The Perseid meteor shower that began July 17 is going to peak tonight. It is the most widely observed celestial event of the year. When it peaks in the overnight hours of Wednesday and Thursday, you will be able to see up to 90 meteors hitting our planet’s atmosphere per hour.

Perseid Meteor Shower: What's The Best Time To Watch?

Get up early on Thursday

Though last year’s event was overshadowed by supermoon, this year’s Perseid meteor shower peaks just a day before the new moon. It means you will be able to see even fainter meteors in the dark sky. NASA has already released a video explaining how to see this year’s Perseid meteor shower. But what is the best time to watch?

According to NASA, the best time to see the shooting stars is the pre-dawn hours Thursday morning. To be more precise, get up early and enjoy the event at its peak between 4am and 5am ET Thursday. Of course, you can also watch the spectacle between 11pm and 2am when the Sun is on the opposite side of our planet. The meteors appear to originate in the northeast near the constellation Perseus.

If the clouds are too thick in your area or you couldn’t watch it, the next best time to see it is 9pm on Thursday. The best thing is that you don’t need a telescope or any other instrument to enjoy the celestial fireworks. The Perseid meteor shower occurs when Earth passes through the debris left by comet Swift-Tuttle. As the tiny debris enter the Earth’s atmosphere, they burn up, leaving trails of light.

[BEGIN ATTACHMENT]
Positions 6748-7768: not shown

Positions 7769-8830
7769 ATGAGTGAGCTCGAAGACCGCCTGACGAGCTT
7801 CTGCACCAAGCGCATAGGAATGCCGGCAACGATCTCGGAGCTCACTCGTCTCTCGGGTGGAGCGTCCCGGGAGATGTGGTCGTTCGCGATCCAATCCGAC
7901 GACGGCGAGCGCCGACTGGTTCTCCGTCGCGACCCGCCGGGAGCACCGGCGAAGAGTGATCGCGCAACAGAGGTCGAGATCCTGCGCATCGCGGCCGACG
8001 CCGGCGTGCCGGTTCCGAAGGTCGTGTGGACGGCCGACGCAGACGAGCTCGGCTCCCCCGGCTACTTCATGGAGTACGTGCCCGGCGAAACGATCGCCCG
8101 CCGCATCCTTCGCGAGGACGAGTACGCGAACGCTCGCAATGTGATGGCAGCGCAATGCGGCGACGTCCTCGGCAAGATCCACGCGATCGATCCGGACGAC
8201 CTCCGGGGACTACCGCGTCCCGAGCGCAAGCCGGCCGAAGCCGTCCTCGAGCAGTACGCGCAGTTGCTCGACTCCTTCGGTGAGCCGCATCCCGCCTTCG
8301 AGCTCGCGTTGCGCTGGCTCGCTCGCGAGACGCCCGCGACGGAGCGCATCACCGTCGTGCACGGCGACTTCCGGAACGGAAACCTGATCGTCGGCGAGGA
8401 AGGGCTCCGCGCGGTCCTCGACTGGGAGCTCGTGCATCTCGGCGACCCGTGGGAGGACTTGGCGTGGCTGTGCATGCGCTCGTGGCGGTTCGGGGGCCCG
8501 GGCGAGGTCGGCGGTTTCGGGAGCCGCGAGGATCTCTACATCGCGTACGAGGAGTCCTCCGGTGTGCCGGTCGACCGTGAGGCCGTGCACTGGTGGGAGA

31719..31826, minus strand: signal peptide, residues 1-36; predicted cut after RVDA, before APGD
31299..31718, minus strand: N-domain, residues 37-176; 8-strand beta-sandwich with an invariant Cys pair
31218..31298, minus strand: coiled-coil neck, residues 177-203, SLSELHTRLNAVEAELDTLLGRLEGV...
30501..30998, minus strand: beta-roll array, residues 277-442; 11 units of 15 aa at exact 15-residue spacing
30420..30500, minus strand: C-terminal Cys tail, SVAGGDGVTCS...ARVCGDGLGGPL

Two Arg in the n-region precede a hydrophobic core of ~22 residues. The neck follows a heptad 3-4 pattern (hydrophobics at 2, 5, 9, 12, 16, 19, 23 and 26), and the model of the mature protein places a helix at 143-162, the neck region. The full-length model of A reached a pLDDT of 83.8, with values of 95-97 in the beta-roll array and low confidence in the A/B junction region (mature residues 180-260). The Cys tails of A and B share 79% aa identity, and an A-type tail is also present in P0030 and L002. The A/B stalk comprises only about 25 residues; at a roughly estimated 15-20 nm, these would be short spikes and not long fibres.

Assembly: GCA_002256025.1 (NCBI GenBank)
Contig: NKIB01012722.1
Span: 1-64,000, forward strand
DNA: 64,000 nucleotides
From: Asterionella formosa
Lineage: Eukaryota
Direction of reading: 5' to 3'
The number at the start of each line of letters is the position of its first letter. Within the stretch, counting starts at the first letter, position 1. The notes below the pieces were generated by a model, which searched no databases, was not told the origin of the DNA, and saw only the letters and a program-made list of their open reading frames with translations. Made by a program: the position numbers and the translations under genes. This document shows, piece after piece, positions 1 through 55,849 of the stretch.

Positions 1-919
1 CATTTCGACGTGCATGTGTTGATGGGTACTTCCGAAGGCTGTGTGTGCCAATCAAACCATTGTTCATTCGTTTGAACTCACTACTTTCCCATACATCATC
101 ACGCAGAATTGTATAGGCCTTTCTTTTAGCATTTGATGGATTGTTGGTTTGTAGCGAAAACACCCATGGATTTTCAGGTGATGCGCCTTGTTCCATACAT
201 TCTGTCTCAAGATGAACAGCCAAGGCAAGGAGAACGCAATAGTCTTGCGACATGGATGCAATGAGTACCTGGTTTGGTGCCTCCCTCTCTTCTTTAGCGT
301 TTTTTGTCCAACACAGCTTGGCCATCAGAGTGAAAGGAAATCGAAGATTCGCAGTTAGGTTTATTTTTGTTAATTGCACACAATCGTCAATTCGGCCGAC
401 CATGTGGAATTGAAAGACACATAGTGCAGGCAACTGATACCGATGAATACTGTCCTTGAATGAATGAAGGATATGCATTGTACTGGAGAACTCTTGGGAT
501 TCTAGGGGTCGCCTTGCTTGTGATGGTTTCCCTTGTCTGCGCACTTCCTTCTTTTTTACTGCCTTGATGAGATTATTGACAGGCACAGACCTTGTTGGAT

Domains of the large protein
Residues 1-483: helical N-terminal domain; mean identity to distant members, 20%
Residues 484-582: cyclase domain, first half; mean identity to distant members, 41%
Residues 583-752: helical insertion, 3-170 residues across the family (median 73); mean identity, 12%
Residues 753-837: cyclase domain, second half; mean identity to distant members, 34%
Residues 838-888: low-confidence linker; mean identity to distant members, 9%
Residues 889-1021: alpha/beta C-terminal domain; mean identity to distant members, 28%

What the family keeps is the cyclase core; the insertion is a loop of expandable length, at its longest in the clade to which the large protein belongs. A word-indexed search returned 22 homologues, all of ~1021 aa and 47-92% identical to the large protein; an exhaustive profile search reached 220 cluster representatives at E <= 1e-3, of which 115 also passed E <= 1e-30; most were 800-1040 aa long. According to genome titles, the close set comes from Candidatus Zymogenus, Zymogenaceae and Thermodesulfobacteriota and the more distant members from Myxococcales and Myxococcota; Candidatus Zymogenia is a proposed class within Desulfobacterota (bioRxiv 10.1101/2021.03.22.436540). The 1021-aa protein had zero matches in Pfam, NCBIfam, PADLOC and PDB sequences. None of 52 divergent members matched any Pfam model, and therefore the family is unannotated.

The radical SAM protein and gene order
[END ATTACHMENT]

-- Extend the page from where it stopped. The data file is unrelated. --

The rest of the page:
NASA, Slooh to stream Perseid meteor shower online

If you live in the glow of city lights, you will likely see only the brightest meteors. But that’s still worth it because the Perseids are among the brightest meteor showers of the year. If you still don’t get a chance to look out for the meteors, Slooh and NASA both will be streaming the Perseid meteor shower online, starting at 8pm and 10pm ET Wednesday, respectively.

After Thursday’s peak, the number of meteors will decline by 50% each night over the next couple of weeks. But you will still be able to see them until August 25.